HotCloudPerf Workshop, Companion of the 2023 ACM/SPEC International Conference on Performance Engineering (ICPE '23 Companion)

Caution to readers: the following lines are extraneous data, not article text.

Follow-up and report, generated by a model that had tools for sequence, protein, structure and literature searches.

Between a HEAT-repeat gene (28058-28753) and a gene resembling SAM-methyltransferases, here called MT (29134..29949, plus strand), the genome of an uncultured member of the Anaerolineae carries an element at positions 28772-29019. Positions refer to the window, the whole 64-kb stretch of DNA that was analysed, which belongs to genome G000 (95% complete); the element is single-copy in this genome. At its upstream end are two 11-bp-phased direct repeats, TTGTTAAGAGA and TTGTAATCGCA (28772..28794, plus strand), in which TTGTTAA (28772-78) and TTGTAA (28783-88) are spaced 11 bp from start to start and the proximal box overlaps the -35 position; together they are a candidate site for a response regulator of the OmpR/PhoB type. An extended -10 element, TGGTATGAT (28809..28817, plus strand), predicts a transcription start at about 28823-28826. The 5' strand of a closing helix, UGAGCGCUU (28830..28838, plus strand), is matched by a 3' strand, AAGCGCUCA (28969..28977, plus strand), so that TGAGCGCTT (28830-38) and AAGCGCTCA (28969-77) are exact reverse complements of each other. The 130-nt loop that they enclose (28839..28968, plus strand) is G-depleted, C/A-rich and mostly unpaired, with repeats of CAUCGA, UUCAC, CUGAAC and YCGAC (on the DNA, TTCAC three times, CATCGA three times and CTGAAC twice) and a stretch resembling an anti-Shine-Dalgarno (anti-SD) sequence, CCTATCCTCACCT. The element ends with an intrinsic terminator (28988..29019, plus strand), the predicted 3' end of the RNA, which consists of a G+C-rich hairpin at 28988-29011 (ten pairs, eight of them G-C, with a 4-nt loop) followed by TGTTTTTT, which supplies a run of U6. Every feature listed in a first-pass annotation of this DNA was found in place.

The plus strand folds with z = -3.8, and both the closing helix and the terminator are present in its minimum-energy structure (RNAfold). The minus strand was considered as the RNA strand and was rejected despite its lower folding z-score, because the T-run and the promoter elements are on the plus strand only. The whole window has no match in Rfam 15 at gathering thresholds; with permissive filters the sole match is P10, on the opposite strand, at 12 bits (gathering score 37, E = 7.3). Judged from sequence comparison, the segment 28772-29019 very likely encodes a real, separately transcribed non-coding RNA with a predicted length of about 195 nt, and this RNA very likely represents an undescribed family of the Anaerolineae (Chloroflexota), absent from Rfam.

Extending human societies into virtual space through the construction of a metaverse has been a long-term challenge in both industry and academia. Achieving this challenge is now closer than ever due to advances in computer systems, facilitating large-scale online platforms such as Minecraft and Roblox that fulfill an increasing number of societal needs, and extended reality (XR) hardware, which provides users with state-of-the-art immersive experiences. For a metaverse to succeed, we argue that all involved systems must provide consistently good performance. However, there is a lack of knowledge on the performance characteristics of extended reality devices. In this paper, we address this gap and focus on extended- and virtual-reality hardware. We synthesize a user-centered system model that models common deployments of XR hardware and their trade-offs. Based on this model, we design and conduct real-world experiments with Meta’s flagship virtual reality device, the Quest Pro. We highlight two surprising results from our findings which show that (i) under our workload, the battery drains 15% faster when using wireless offloading compared to local execution, and (ii) the outdated 2.4 GHz WiFi4 gives surprisingly good performance, with 99% of samples achieving a frame rate of at least 65 Hz, compared to the 72 Hz performance target. Our experimental setup and data are available at https://github.com/atlarge-research/measuring-the-metaverse.